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Oak Foundation Awards MiracleFeet $5 Million Grant to Help End Disability Caused by Untreated Clubfoot
Date:4/21/2017

MiracleFeet announced today that Oak Foundation has awarded the non-profit a $5 million grant over five years to help end the disability caused by untreated clubfoot in low-income countries. The foundation’s grant will support an ambitious 15-year plan in cooperation with the Global Clubfoot Initiative to end disability caused by clubfoot worldwide.

Oak Foundation has played a pivotal role in MiracleFeet’s success with previous grant funding awarded every year since 2011. This new and largest grant, a part of Oak Foundation’s Special Interest Programme, is of particular significance, taking aim at a root cause of poverty in developing countries and demonstrating the foundation’s confidence in MiracleFeet’s continued ability to build and scale sustainable programs with a compelling return on philanthropic investment. The grant provides general operating funds to make clubfoot treatment more readily accessible in low income communities worldwide. MiracleFeet is responsible for raising $2 million in new funding over the next three years to qualify for the $2 million in years four and five.

“MiracleFeet shares our vision to create better lives for the disadvantaged,” says Caroline Turner, Chair of Oak Foundation Board of Trustees. “They are protecting vulnerable children and families, enabling them to thrive within their communities. It’s our pleasure to support MiracleFeet’s work and ensure every child born with clubfoot has the opportunity to reach his or her full potential.”

“We are so honored to have the Oak Foundation’s continued support. Oak Foundation has believed in MiracleFeet since our inception, and this generous gift will help ensure that an additional 60,000 children born with clubfoot get the treatment they need to lead active, healthy, and productive lives,” said Chesca Colloredo-Mansfeld, MiracleFeet Executive Director.

One in 750 children is born with clubfoot, a debilitating birth defect that causes one or both feet to point inward and upward, making it difficult and painful to walk. Each year, around 180,000 children are born with clubfoot -- 90% of whom live in low and middle-income countries. Although clubfoot is fully and inexpensively treatable in 95% of cases, most families in low-income countries have very limited access to treatment. As a result, over one million children currently live with untreated clubfoot, making clubfoot one of the major causes of physical disability worldwide.

A child born with clubfoot in a developing county faces terrible odds and yet can be fully treated for about $250, transforming his or her life forever. By ensuring that more children have access to the treatment they need, MiracleFeet is reducing the number of children living with the devastating consequences of physical disability in low income countries. These effects include increased risks of physical and sexual abuse, neglect, lack of education, unemployment, stigma, and often lifelong poverty.

In addition to dramatically improving the quality of life of the children and families affected by clubfoot, providing treatment also has substantial economic benefits by unleashing significant earning potential of those affected. MiracleFeet estimates that if every child born with clubfoot was treated it would result in $25 billion of increased earnings over the lives of those children. The full treatment of 60,000 children under the five-year period of this grant will result in $8 billion of increased earnings.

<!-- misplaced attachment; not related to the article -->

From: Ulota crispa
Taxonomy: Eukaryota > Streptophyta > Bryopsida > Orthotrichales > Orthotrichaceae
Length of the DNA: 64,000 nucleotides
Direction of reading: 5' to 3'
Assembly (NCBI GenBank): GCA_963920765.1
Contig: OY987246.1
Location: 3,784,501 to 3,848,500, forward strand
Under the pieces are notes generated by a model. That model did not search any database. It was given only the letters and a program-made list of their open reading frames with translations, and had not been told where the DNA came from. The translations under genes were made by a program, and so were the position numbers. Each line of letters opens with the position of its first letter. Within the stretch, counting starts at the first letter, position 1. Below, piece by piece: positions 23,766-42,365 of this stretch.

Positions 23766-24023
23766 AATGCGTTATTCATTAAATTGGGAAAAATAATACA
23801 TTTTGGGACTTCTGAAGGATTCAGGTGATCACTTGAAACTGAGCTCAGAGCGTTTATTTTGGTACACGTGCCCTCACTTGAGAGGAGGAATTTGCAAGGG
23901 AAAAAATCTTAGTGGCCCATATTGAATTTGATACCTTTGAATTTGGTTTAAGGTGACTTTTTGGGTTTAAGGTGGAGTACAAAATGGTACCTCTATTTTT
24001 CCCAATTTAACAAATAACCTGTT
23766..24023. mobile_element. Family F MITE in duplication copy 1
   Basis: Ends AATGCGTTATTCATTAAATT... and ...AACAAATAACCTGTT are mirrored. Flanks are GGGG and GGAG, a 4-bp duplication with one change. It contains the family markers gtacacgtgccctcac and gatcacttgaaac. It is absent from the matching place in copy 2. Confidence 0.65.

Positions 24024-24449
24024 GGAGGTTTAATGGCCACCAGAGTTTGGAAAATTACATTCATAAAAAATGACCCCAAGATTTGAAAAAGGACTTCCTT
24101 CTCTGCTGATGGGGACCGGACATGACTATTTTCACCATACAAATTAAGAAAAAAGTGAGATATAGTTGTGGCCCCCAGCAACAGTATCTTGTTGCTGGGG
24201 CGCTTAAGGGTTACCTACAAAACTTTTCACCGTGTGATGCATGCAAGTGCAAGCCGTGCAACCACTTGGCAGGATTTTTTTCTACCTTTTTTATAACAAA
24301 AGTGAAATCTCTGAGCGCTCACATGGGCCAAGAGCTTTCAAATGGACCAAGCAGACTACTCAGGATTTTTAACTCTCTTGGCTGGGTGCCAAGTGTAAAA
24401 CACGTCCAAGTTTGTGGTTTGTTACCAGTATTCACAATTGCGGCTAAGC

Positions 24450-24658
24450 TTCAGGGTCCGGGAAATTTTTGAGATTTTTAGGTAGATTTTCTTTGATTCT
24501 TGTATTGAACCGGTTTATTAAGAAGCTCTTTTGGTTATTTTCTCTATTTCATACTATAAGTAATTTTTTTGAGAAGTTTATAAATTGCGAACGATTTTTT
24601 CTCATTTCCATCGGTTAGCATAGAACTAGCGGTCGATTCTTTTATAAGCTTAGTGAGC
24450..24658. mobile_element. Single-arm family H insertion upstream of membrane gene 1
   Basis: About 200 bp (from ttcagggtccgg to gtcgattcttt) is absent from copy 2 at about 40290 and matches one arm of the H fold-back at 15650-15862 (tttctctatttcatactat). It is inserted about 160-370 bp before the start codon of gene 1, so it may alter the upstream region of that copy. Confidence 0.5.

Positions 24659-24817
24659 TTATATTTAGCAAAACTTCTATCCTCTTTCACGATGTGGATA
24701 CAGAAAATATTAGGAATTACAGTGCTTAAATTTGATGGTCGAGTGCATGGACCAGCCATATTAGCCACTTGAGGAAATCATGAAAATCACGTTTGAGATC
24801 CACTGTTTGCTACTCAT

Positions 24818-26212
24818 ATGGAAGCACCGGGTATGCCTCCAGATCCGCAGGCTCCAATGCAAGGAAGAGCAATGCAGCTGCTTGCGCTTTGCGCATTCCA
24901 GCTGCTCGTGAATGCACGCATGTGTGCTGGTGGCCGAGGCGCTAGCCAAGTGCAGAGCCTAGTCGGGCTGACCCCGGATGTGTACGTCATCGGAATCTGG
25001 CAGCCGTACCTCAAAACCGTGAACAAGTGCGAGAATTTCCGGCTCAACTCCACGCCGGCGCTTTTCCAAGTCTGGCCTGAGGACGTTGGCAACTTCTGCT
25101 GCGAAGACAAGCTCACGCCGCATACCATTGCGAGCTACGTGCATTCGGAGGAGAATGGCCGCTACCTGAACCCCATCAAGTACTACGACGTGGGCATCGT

“Many of the world’s problems are overwhelming. This is one we can solve and we are immensely grateful that Oak Foundation is committed to making this possible,” said Chesca Colloredo-Mansfeld, Executive Director of MiracleFeet. “While the occurrence of clubfoot cannot be eliminated, we have shown that it is possible to treat clubfoot effectively and inexpensively under almost any circumstances. And by leveraging technology and innovation, we are proving we can achieve greater scale while keeping costs low.”

As the largest organization working exclusively on the issue of clubfoot, MiracleFeet has now provided proper treatment to more than 21,000 children in 17 different low-income countries through partnerships with local healthcare providers and donors like Oak Foundation.

For more information or to support MiracleFeet, please visit http://www.miraclefeet.org.

About Oak Foundation
Oak Foundation commits its resources to address issues of global, social and environmental concern, particularly those that have a major impact on the lives of the disadvantaged. With offices in Europe, Africa, India and North America, Oak Foundation makes grants to organizations in approximately 40 countries worldwide.

About MiracleFeet
Clubfoot is a leading birth defect causing poverty and abuse in developing countries, though it’s virtually unrecognized in the U.S. due to high treatment rates. MiracleFeet is a non-profit dedicated to providing proper treatment for children born with clubfoot in developing countries. It partners with local orthopedic surgeons working in public hospitals to establish and support clubfoot clinics. This is the most effective, efficient and sustainable approach to prevent the significant disability caused by clubfoot. A child born with clubfoot in a developing county can be fully treated for about $250 per child, transforming his or her life forever. MiracleFeet is proud to be supported by Google.org, Clarks Shoes, Suncast, USAID-DIV, as well as many very generous individual donors and clubfoot families. To learn more, please visit http://www.miraclefeet.org.

Read the full story at http://www.prweb.com/releases/2017/04/prweb14253362.htm.


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